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Mentoring Complements Good Work of Apprenticeships

LIUNA General
and LHSFNA Labor
Armand E. Sabitoni

Thanks to the rigorous classroom education and the hands-on training provided by LIUNA’s apprenticeship programs, new Construction Craft Laborers hit the ground running when they begin their careers. During those early days on the job, it was helpful to be paired with an experienced Laborer who can be a role model and a mentor.

“Journeymen Construction Craft Laborers have expertise that can only come with time spent working in the field and the information they can share with an apprentice is invaluable,” says LIUNA General Secretary-Treasurer and LHSFNA Labor Co-Chairman Armand E. Sabitoni. “It’s also a two-way street. When journeymen mentors discuss and demonstrate the best way of performing tasks that are specific to that worksite, they are essentially taking a refresher course themselves.”

Being a mentor comes with a lot of responsibility. Laborers who are mentors or who are interested in being mentors can benefit from the below information. It was adapted from a summary on mentoring compiled by the UCLA Graduate Division.

What Makes a Good Mentor?

Mentors listen. They maintain eye contact and give new Laborers their full attention.
Mentors guide. They help new Laborers find direction but do not push them.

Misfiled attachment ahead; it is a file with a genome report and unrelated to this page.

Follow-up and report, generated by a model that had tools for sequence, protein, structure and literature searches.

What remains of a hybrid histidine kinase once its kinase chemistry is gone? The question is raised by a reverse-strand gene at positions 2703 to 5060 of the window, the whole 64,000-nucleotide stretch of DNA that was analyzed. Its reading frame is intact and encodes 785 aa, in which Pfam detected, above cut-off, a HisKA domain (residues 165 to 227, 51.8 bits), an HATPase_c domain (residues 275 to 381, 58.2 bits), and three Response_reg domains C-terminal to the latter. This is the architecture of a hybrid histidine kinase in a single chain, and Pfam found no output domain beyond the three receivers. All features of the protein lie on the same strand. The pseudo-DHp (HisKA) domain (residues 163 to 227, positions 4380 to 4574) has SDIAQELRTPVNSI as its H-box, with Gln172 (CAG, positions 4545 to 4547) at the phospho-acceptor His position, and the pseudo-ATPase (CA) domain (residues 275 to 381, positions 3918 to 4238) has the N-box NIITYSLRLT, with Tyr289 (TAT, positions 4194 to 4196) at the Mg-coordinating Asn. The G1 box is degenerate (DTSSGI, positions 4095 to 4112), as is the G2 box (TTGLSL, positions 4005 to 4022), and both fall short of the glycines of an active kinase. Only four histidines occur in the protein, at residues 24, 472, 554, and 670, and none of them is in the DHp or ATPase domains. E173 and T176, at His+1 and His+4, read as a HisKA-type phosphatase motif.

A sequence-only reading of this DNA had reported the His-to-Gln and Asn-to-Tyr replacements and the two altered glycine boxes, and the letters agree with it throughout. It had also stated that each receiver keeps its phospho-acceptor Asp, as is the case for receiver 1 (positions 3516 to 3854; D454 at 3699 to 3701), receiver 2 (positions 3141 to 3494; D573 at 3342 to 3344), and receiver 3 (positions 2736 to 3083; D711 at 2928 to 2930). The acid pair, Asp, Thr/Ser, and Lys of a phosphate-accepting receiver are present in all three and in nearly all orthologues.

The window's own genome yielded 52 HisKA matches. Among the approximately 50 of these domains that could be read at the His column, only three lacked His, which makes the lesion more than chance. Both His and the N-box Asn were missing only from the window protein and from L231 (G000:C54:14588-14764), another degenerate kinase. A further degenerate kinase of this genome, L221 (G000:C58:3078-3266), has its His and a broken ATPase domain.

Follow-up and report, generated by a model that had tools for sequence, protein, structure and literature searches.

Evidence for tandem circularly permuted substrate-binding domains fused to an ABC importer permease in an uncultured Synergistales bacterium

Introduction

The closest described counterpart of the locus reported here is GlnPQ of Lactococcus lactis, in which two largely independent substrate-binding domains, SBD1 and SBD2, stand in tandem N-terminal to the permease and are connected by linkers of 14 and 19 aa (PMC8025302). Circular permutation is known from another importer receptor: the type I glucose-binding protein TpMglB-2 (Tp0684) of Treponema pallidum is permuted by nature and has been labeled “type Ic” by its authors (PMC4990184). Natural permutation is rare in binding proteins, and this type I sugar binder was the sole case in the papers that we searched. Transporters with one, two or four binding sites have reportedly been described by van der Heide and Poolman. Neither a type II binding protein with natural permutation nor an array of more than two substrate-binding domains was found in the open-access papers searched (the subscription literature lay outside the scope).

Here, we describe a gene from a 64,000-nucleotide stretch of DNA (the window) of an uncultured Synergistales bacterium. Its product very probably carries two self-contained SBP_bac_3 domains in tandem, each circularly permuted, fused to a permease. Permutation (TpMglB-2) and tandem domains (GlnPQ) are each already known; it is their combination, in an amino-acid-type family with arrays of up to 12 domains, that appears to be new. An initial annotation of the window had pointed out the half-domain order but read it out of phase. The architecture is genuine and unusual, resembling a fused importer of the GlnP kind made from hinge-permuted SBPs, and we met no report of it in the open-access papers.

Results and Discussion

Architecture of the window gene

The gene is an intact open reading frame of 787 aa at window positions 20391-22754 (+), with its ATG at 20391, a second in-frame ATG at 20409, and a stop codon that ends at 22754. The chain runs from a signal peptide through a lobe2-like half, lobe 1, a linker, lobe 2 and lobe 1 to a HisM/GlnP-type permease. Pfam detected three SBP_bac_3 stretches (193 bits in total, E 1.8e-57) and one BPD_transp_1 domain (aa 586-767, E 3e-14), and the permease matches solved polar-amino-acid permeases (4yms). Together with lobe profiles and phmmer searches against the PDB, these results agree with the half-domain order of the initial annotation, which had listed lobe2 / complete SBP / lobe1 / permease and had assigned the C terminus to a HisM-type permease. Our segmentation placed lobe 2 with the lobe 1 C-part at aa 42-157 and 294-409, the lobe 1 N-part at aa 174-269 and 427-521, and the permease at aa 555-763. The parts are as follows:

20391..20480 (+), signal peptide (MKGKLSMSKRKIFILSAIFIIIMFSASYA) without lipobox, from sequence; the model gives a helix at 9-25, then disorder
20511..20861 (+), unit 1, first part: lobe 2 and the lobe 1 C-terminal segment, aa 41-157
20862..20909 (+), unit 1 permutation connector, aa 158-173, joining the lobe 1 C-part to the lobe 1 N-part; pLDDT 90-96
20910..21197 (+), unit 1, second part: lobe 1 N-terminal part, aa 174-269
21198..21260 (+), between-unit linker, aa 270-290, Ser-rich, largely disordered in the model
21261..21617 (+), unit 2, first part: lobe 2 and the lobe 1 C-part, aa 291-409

Mentors are practical. They provide counsel for keeping on task and setting goals and priorities.
Mentors educate. They educate about life and their own careers.
Mentors provide insight. They use their personal experiences to help new Laborers avoid injury on the job.
Mentors are accessible. They are available as a resource and as a sounding board.
Mentors criticize constructively. They point our areas that need improvement, always focusing on behavior, never character.
Mentors are supportive. They always encourage new Laborers to learn and improve.
Mentors are specific. They give advice on what was done well, what could be perfected and the benefits of various actions.
Mentors care. They care about the professional progress and the personal development of new Laborers.
Mentors succeed. They are successful themselves and foster success in others.
Mentors are admirable. They are well respected in their organizations and in the community.


Being a mentor takes time, but it’s time well spent. Reaching out to someone else and seeing them advance is one of the most rewarding things you can do. These relationships benefit you, the new members and everyone else on the worksite. Workplace productivity goes up and fewer mistakes are made that can lead to injuries and costly compensation claims.

[Janet Lubman Rathner]

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